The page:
Pupils should not be stressed by SATs, says SoS.  Scrap them then.

Janet Downs's picture

Pupils should not be stressed by preparation for the tests (SATs) taken at the end of Key Stage Two, the education secretary Damian Hinds wrote in the i.  

SATs aren’t public exams, he said, but tests which should be treated exactly the same as other tests such as ‘spelling or times table’.

Their core purpose is to help ensure primary schools are teaching our children the key skills and knowledge in maths and English that they will need to go on to succeed at secondary school,’ he wrote.

It’s disturbing that successive education secretaries think a mandatory, national test is essential to make sure teachers act professionally.   

Hinds is being disingenuous when he says schools must just tell their pupils to do their best and leave it there.   SATs are high-stakes exams for schools.  They’re used to judge schools, local authorities and academy trusts. 

If Hinds is serious about relieving stress caused by SATs, there’s one simple answer: scrap them.  SATs are of no use to pupils, Hinds has admitted that.  Worse, SATs have no educational value.  It’s time to drop them.

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John Mountford's picture
Fri, 22/02/2019 - 14:54

Of course, the SoS is right. He always is. After all, he is a very important person occupying a seat of power and whatever he says goes. That may sadly be what he believes. The truth is something different. This man is a menace. Not only does he fail to tell the truth and refuses to toe the line, even when he is sanctioned by parliamentary and other authorities when he maliciously and wrongly quotes fake-facts about education, he is also actually harming young people.

In light of his comments today, I'd like to remind the Mr Hinds, '1984' was a work of fiction. It's power to provoke deep thought and challenge our view of justice hung on the idea that at some time in the future (published in 1949) governments would come to power with the capacity and intention to rewrite history, even as it was daily unfolding. It was scary, as is Hinds' audacity to proclaim, "Exams and tests have their place in education and they always will. But you won’t be asked how you did in your SATs during a job interview."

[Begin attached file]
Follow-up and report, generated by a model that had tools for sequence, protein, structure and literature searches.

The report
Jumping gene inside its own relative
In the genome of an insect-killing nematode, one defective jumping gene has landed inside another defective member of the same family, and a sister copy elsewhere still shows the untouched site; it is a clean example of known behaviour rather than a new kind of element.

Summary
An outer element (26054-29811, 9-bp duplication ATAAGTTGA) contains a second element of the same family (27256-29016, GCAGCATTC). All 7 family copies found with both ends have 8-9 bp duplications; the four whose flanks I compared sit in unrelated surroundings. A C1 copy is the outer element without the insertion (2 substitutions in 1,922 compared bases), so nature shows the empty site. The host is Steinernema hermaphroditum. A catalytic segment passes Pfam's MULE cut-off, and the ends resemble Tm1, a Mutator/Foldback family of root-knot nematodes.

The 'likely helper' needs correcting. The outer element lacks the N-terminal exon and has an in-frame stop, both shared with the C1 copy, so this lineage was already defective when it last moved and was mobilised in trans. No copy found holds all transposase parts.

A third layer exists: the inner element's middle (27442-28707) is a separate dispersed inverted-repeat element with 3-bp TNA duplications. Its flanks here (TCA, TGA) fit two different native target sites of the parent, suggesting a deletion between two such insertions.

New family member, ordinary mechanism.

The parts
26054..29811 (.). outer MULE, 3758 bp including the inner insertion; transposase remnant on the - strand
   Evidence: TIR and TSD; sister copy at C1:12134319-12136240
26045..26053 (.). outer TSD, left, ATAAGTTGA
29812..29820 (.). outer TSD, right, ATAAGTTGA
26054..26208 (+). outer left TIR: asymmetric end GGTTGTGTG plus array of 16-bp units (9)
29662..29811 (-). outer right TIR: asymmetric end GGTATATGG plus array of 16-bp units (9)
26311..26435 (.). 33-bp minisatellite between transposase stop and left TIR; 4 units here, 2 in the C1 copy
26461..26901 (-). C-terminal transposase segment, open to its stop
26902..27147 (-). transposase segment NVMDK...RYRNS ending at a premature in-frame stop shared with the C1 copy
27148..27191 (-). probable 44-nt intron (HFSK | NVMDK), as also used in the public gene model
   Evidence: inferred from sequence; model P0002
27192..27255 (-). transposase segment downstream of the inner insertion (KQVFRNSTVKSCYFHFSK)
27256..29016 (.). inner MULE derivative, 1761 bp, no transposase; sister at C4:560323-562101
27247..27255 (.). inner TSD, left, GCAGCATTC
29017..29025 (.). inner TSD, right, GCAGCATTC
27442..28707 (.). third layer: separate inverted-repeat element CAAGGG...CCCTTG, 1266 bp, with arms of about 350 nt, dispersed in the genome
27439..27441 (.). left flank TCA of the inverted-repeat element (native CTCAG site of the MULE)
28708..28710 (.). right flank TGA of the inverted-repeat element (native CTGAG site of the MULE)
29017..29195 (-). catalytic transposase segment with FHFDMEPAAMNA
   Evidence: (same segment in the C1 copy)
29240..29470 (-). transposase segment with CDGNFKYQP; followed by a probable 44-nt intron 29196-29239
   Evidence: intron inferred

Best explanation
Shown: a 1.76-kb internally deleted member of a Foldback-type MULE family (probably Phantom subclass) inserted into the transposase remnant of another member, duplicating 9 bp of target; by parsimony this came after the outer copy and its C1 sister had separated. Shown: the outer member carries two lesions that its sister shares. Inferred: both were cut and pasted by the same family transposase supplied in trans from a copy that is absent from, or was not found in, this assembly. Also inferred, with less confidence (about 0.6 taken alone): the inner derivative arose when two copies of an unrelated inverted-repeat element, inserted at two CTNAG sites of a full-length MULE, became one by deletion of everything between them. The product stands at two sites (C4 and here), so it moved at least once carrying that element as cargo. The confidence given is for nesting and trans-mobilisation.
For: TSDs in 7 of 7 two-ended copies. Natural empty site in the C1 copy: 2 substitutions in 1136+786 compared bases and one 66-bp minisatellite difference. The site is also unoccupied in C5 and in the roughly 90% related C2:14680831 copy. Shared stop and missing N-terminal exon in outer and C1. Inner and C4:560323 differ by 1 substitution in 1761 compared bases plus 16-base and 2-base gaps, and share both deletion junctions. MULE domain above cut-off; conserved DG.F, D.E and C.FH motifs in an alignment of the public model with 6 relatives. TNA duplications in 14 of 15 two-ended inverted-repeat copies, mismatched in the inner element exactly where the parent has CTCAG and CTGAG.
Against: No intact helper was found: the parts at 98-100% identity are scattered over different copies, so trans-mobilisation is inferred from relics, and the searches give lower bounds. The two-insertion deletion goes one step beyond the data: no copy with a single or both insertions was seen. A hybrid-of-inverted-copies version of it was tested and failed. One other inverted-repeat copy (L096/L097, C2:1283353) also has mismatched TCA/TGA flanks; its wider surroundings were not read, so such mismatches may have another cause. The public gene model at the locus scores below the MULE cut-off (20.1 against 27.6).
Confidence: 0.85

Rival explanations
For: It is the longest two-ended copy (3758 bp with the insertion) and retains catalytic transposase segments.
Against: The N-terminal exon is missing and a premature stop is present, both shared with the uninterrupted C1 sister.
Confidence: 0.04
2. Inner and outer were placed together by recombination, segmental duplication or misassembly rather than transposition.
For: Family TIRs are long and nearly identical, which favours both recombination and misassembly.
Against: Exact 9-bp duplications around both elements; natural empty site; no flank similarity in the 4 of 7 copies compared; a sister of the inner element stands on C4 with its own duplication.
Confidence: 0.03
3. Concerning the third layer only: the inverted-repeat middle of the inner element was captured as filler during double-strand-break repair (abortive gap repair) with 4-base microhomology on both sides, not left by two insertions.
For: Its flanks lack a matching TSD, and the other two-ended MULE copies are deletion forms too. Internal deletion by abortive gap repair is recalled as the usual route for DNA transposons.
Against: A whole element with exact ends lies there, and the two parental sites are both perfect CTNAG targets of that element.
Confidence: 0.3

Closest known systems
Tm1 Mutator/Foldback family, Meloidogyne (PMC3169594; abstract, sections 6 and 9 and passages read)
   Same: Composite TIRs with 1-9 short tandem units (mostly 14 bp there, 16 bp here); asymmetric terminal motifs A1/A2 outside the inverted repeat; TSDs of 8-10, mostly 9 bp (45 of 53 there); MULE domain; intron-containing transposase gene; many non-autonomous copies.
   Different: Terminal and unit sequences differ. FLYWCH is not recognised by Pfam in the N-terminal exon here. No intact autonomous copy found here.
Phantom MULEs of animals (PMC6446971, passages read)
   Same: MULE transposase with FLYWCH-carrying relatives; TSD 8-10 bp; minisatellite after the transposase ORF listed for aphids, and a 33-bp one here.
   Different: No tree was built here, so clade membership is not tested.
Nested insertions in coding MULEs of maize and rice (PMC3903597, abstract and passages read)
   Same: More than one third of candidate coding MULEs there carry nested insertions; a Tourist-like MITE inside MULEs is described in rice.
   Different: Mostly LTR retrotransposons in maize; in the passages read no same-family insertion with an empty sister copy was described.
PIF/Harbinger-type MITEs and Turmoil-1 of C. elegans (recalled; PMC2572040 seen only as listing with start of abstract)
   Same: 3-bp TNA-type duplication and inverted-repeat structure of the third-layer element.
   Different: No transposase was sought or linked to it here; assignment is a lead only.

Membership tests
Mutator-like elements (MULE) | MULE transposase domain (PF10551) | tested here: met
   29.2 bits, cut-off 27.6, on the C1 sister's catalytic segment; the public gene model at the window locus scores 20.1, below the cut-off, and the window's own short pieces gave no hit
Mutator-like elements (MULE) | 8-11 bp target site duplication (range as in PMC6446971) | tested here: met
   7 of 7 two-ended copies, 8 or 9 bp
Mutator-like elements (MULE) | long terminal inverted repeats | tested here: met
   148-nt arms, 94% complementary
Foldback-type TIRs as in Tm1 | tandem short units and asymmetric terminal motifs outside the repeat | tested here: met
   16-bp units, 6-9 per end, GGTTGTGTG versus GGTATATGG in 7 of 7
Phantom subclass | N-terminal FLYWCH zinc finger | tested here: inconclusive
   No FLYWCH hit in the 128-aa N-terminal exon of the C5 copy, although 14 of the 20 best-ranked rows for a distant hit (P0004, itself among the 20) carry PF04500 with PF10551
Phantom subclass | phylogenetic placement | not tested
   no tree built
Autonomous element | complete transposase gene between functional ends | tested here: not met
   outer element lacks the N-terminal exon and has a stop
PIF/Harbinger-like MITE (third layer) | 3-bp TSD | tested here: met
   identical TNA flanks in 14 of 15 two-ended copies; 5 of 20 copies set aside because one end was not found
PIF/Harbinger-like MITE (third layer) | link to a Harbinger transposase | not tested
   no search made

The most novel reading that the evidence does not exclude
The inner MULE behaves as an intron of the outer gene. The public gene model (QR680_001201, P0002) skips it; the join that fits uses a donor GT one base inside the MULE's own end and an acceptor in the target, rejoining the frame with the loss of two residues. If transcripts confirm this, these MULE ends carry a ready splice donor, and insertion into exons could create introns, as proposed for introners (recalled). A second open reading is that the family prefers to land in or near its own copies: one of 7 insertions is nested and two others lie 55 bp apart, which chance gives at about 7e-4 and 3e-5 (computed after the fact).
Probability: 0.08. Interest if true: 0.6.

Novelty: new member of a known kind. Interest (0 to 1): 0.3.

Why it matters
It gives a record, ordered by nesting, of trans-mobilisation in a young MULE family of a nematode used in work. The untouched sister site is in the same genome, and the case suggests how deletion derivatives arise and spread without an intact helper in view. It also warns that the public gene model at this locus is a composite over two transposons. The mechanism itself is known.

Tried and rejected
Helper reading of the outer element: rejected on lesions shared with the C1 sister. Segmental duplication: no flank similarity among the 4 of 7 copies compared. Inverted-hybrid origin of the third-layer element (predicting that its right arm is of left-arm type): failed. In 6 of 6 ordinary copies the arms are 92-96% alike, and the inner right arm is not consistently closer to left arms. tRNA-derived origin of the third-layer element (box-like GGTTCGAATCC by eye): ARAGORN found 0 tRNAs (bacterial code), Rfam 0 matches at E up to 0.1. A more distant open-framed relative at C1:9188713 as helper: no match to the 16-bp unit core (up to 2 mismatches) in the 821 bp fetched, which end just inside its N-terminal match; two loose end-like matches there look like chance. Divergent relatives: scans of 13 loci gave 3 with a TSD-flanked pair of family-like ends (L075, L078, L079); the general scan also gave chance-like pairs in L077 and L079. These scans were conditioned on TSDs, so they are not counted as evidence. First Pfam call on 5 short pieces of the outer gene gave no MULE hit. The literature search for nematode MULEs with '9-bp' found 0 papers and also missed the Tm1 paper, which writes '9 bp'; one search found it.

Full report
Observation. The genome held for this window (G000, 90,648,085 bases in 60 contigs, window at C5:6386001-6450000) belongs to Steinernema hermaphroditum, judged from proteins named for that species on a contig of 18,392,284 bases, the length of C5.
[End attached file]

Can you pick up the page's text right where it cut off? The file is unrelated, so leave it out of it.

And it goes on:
He may be factually correct, unusual though that is for him, to claim no one asks about SATs during a job interview, but plenty of interest is shown in the results of these pointless tests when kids get to secondary schools because their (the schools) wellbeing depends on just how reliable and realistic the results from those tests are when they have to trump up Progress and Attainment 8 targets for all their pupils. It is now clearly established that primary schools, and more than a handful at that, are gaming the system because they too are held to account in the highly marketised, data-dependent culture that unbelievably passes for a modern, progressive and inclusive education system.

The behaviour of the Secretary of State for Education and his ministers is all the evidence one needs to understand why our political system is currently viewed with such disdain internationally. Our political overlords do not listen. Worse than that, they unquestioningly believe the crap they spout which puts them beyond reform. We need to empty parliament, institute proportional representation to set us free from the blight of the current failed system and look for people of integrity to lead our proud nation. Go to the back of the class, SoS and join the rest of the rag-bag.

Nairb1's picture
Fri, 22/02/2019 - 21:17

There are two school on the outskirts of the town where I live, fairly close to each other but occupying very different catchment areas. The first considers a contact from social services about a pupil once a year to be an unusually high number. The other considers six contacts a day to be the norm. The first will abandon the curriculum for Y6 from the start of next week in order to 'cram' for SATs. The other, with the full support of the a governors and parents, will not. Guess which one appears near the top of the league tables and each year celebrates its continued exam (their word) success. Guess which one is under continual Ofsted pressure.

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